Georgia Bulletin

The Newspaper of the Catholic Archdiocese of Atlanta

Andy Lichtenwalner, left, and Monica Opperman, right, of Atlanta’s Office of Formation and Discipleship, recorded welcome videos for the Southeast Catechist Conference. The event theme was “Say the Word,” echoing the theme of the U.S. Catholic Bishops for Catechetical Sunday on Sept. 19.


Free access to Southeast Catechist Conference extended

By SAMANTHA SMITH, Staff Writer | Published September 1, 2021

ATLANTA—More than 9,200 people across 16 dioceses attended this year’s virtual Southeast Catechist Conference. 

The Office of Formation and Discipleship for the Archdiocese of Atlanta has hosted an annual catechist conference for 15 years. Last year’s conference was virtual due to the pandemic.

This year’s virtual program, held Aug. 12-15, included more than 120 presentations, live conversations, reflections and space for prayer and worship. It represented dioceses from Georgia, Florida, South Carolina, North Carolina, Virginia and New Jersey. Free registration for access to the conference has been extended to Sept. 15.

“The evangelizing ministry of catechesis is a ministry of the word,” said Atlanta Archbishop Gregory J. Hartmayer, OFM Conv., during his welcome video for the conference. “As catechists, we proclaim and hand on the word of God, who ultimately is Jesus himself.”

Youth ministry post-pandemic

As catechists think and talk about getting back to normal, that’s really adult content, said Tom East, a presenter at this year’s conference. 

“For adolescents, every year is a new experience because they’re experiencing so much change themselves,” he said.

East is the director of the Center for Ministry Development, a nonprofit that promotes the development of ministry and catechesis with youth and families rooted in Catholic tradition and Scripture. He also serves as project coordinator for the certificate in youth ministry studies program.

During his presentation titled, “Welcoming Youth Back to Ministry and Accompaniment Post-Pandemic,” East shared that many youth feel isolated and disconnected from their communities. This is evident in a deteriorated relationship between youth and their institutions, disengagement from their parents and a lack of caring adult relationships, he said.

There are many ways to address these issues, East explained. Suggestions included rebuilding trust, appealing to the diversity of youth interests and passions, being flexible, promoting accompaniment with young people and the parish and ministering to youth and their families.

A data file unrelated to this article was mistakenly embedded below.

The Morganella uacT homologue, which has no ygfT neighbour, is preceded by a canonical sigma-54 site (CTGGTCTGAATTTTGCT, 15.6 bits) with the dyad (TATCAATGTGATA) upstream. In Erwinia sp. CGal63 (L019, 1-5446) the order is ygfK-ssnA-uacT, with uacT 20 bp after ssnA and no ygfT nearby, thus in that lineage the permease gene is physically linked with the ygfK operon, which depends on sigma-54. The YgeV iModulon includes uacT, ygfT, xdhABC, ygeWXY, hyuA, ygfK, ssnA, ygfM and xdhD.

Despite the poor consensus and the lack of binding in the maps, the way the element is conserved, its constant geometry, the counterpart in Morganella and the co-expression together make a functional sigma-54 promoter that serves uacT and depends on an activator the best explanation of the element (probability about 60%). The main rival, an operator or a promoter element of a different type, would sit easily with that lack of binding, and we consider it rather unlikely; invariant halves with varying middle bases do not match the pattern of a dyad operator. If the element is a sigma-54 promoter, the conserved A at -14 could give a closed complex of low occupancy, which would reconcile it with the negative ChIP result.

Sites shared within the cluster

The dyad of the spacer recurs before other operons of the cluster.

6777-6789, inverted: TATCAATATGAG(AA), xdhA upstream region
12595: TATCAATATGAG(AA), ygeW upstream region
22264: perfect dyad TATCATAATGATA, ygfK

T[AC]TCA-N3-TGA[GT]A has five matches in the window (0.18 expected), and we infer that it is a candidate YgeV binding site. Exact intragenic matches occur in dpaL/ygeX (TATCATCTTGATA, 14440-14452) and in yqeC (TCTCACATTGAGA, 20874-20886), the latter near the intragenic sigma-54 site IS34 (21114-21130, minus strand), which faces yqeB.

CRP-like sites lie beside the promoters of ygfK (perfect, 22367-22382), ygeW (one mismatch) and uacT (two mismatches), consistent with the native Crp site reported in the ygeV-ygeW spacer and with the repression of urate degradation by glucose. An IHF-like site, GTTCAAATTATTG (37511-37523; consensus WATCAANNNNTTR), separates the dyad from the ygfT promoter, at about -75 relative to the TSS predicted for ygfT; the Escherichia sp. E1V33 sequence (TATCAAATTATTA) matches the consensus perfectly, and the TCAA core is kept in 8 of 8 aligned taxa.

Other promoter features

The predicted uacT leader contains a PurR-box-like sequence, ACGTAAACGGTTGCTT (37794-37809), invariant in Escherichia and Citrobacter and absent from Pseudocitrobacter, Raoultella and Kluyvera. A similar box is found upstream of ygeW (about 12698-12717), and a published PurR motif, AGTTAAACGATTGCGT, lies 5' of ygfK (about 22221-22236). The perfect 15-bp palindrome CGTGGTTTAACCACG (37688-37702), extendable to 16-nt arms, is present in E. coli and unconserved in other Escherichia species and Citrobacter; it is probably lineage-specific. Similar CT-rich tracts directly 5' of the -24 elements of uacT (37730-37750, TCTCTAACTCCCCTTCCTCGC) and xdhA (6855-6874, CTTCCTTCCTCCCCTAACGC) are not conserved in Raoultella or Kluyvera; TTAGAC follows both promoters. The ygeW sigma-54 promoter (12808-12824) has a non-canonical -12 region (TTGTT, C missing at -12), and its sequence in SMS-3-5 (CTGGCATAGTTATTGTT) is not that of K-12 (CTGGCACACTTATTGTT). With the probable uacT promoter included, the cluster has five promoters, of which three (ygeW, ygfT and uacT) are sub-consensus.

All elements of parish life must include the needs and gifts of young people, he said.

“Youth ministry is rooted in the life of the parish,” said East. Youth ministers need “to become the face of Christ for young people and their families.”

Partnering with young people, parents

According to a recent study, 36% of Americans under the age of 30 no longer affiliate with any faith, said Leisa Anslinger, a presenter at this year’s catechist conference.

“This gives us a particular sense of urgency about finding ways to change the tide, finding ways to really be those disciple makers that we were called to be,” she said.

Anslinger is the associate director for pastoral vitality for the Archdiocese of Cincinnati, Ohio, and the founder of Catholic Life and Faith, a center for evangelization, stewardship and servant leadership and development. The title of her presentation was “Engaging and Partnering with Young People and Parents.”

A study facilitated by Fuller Youth Institute in Pasadena, California, looked at the practices of more than 250 Catholic churches that were growing and thriving with young people. This study, Anslinger said, was to find the “common threads” that made these parishes successful.

The study determined there were six core commitments the parishes shared—keychain leadership or bringing youth to leadership positions, empathy for young people, taking Jesus’ message seriously, fueling a warm community, prioritizing young people and their families and being the best neighbors. 

Parishes that engage young people and their families experience more passion, are more financially stable, have better overall health and have parishioners who contribute more services and find ways to be innovative, said Anslinger.

“This is about the entire parish because engaging young people really helps the whole parish to, in the words of the study, ‘grow young.’”